Penn State High-Powered Offense Evokes Memories of 1994, Builds New Excitement

Trace McSorely and Saquon Barkley (Getty Images) CHICAGO — The best way to quantify the excitement around the Penn State football program heading into the 2017 season also is the simplest. James Franklin doesn’t want to get in trouble, but the fourth-year coach can measure the side effects of last year’s 11-3 this season — which earned his team a Big Ten championship and Rose Bowl berth — like this: “The best example is we’ve broken every record in season ticket sales this season,” Franklin said at Big Ten Media Days on Tuesday. “I wouldn’t be shocked by an average of 104,000 for the season.” MORE: Harbaugh expects more from Michigan Happy Valley is here again, and Penn State is on the short list of top playoff contenders. The Nittany Lions have two Heisman Trophy contenders in running back Saquon Barkley and quarterback Trace McSorley. Tight end Mike Gesicki stayed in school and offensive coordinator Joe Moorhead will be looking to improve after averaging 37.6 points per game in 2016. Franklin hears the stories about the legendary Penn State teams all the time, and the easiest A-to-B comparison is 1994. The quartet of quarterback Kerry Collins, running back Ki-Jana Carter, wide receiver Bobby Engram and tight end Kyle Brady helped Penn State win the Rose Bowl while averaging 47 points per game. Gesicki remembers Carter speaking to the team before the Rose Bowl against USC. He was grateful for the opportunity to listen to him speak. But this is a different Penn State team, in a different time — the right time in the four-team playoff era. The 1994 team finished No. 2 in the AP Poll behind Nebraska. This year’s team, which was stiffed out of the playoff last year, seemingly would get that opportunity to make the playoff if they deliver on expectations. That made bypassing the NFL Draft easy for Gesicki, who made that decision before the Rose Bowl. “I didn’t want that game to impact my decision, even if I had 10 catches for 200 yards and three (touchdowns) that wasn’t going to influence my decision,” Gesicki said. “I knew with the talent we had coming back what we were capable of achieving.” Gesicki alternates between calling his teammates by their first name and numbers to emphasize how good those star players are. He power cleans 380 pounds, but “26 is up there with 405.” Gesicki …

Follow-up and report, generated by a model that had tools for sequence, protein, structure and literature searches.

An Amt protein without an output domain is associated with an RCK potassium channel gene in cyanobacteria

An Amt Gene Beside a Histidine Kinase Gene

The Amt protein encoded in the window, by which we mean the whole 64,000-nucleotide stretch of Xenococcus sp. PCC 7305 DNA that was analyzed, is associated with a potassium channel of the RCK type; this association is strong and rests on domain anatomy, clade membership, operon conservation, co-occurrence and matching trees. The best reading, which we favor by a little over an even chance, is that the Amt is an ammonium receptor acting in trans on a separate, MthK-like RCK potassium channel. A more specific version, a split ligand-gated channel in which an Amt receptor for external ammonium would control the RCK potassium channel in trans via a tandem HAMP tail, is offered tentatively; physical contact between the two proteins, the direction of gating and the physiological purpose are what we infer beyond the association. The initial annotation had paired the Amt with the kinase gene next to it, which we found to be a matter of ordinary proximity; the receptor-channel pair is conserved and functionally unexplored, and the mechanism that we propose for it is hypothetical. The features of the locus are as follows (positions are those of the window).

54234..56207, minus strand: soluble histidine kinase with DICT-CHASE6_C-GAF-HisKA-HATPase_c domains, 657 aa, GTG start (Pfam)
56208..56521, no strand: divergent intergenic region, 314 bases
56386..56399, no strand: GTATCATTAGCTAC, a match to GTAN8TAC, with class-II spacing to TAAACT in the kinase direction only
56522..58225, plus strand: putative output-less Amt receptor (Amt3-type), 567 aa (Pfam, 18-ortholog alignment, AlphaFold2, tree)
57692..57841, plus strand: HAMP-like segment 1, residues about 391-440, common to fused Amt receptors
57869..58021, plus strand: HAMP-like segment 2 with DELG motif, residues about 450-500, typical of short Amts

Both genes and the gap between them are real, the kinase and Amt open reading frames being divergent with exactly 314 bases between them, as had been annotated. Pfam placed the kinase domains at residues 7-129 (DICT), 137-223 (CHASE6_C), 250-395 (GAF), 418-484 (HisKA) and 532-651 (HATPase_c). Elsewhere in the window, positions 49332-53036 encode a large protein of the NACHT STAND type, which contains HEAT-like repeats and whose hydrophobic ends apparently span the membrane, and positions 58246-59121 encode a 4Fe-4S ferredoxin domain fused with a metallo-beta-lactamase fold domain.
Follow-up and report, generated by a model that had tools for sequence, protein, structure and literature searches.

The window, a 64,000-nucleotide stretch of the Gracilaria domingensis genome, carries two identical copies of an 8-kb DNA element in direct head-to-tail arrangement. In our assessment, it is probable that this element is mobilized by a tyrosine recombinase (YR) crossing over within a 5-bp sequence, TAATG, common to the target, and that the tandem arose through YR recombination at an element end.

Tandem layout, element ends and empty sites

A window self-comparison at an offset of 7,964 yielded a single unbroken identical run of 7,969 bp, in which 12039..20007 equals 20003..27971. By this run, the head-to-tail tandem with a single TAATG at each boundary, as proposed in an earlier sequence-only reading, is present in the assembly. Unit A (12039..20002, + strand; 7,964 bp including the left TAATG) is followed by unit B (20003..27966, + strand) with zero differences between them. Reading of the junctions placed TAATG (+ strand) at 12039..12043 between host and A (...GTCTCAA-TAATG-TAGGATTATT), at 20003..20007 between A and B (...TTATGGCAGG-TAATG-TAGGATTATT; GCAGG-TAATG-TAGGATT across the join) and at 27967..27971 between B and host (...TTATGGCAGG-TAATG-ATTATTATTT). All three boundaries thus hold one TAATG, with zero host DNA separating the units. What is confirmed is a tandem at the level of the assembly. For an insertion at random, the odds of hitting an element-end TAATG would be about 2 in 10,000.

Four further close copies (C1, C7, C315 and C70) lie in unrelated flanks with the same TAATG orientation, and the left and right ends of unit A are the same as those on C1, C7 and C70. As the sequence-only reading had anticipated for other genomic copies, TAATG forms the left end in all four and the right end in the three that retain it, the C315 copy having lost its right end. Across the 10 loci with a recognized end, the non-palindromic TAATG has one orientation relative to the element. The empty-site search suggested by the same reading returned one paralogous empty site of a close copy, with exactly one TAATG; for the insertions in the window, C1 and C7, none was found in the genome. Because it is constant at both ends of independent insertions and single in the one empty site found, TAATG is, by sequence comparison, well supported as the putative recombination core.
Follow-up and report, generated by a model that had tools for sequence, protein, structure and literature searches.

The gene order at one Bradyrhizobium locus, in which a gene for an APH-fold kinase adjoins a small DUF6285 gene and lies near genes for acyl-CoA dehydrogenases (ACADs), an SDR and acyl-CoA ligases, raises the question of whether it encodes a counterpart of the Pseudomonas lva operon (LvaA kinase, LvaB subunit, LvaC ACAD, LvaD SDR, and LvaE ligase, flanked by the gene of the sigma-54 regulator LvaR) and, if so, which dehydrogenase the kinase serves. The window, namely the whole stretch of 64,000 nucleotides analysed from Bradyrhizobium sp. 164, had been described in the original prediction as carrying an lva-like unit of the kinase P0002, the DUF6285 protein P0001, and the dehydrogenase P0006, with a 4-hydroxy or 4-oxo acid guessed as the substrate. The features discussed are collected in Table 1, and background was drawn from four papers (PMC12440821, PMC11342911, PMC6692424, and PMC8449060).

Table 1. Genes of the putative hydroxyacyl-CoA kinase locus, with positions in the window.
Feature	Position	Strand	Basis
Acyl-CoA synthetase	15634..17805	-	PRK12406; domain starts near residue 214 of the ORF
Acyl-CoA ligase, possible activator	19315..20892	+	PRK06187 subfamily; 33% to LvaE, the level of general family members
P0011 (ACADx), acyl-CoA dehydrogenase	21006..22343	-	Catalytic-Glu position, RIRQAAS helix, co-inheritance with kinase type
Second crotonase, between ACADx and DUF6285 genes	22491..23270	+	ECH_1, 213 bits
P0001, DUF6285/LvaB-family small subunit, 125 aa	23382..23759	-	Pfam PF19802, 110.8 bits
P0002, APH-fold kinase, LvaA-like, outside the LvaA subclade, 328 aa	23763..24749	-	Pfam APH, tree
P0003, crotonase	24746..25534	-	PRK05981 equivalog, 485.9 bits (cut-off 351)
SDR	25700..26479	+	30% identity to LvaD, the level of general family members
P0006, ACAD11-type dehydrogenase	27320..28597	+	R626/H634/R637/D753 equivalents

Happy Valley Wants Parks, so It’s Leaving the Parks District (Column)

In Happy Valley, city leaders have determined that if you want your parks done right, you build them yourself. The city is planning to de-annex from the North Clackamas Parks & Recreation District by the end of the year, in part because while the city has more than doubled in population – and contributed $27 million to the district – it’s gotten no new neighborhood parks in 11 years. The North Clackamas Parks & Recreation District represents more than 120,000 residents in the cities of Milwaukie, Happy Valley and surrounding unincorporated areas. It’s a service district of the county, governed by the Clackamas County Board of Commissioners. North Clackamas Parks & Rec operates an aquatic center and a senior center and manages local parks and sports leagues. Property owners within the district pay 53 cents per $1,000 of assessed value toward those services. When Happy Valley joined the parks district in 2006, the city had about 9,200 residents. Since then, it’s become one of the fastest growing cities in Oregon, with a population closer to 20,000. All that new construction has generated millions of dollars in what’s called system development charges – one-time fees assessed on developers to make sure infrastructure for things like water, sewer, roads and parks can support added growth. More people need more parks, right? For each new single family home constructed in the city, developers pay $6,075 toward parks alone. Over 11 years, Happy Valley builders have paid a total of $17.5 million in system development charges for parks, but the district has built only one new facility in the city. The 35-acre complex of Hood View Park, which opened in 2009, features all-weather turf ball fields used by youth and adult sports leagues. It’s a top-notch ballpark, but city leaders still expected more. Some $8 million in unspent system development charges were carried over into this year’s parks district budget. “That park is a beautiful park,” Mayor Lori DeRemer said. “But it’s not a community park, and it’s certainly no community center, and we all know what community centers cost. We’re no nearer to that goal than we were 12 years ago.” This alone was enough for city leaders to consider leaving the district – but the final straw came earlier this year, when the parks district announced plans to sell Hood View Park to the school district for use at a new high …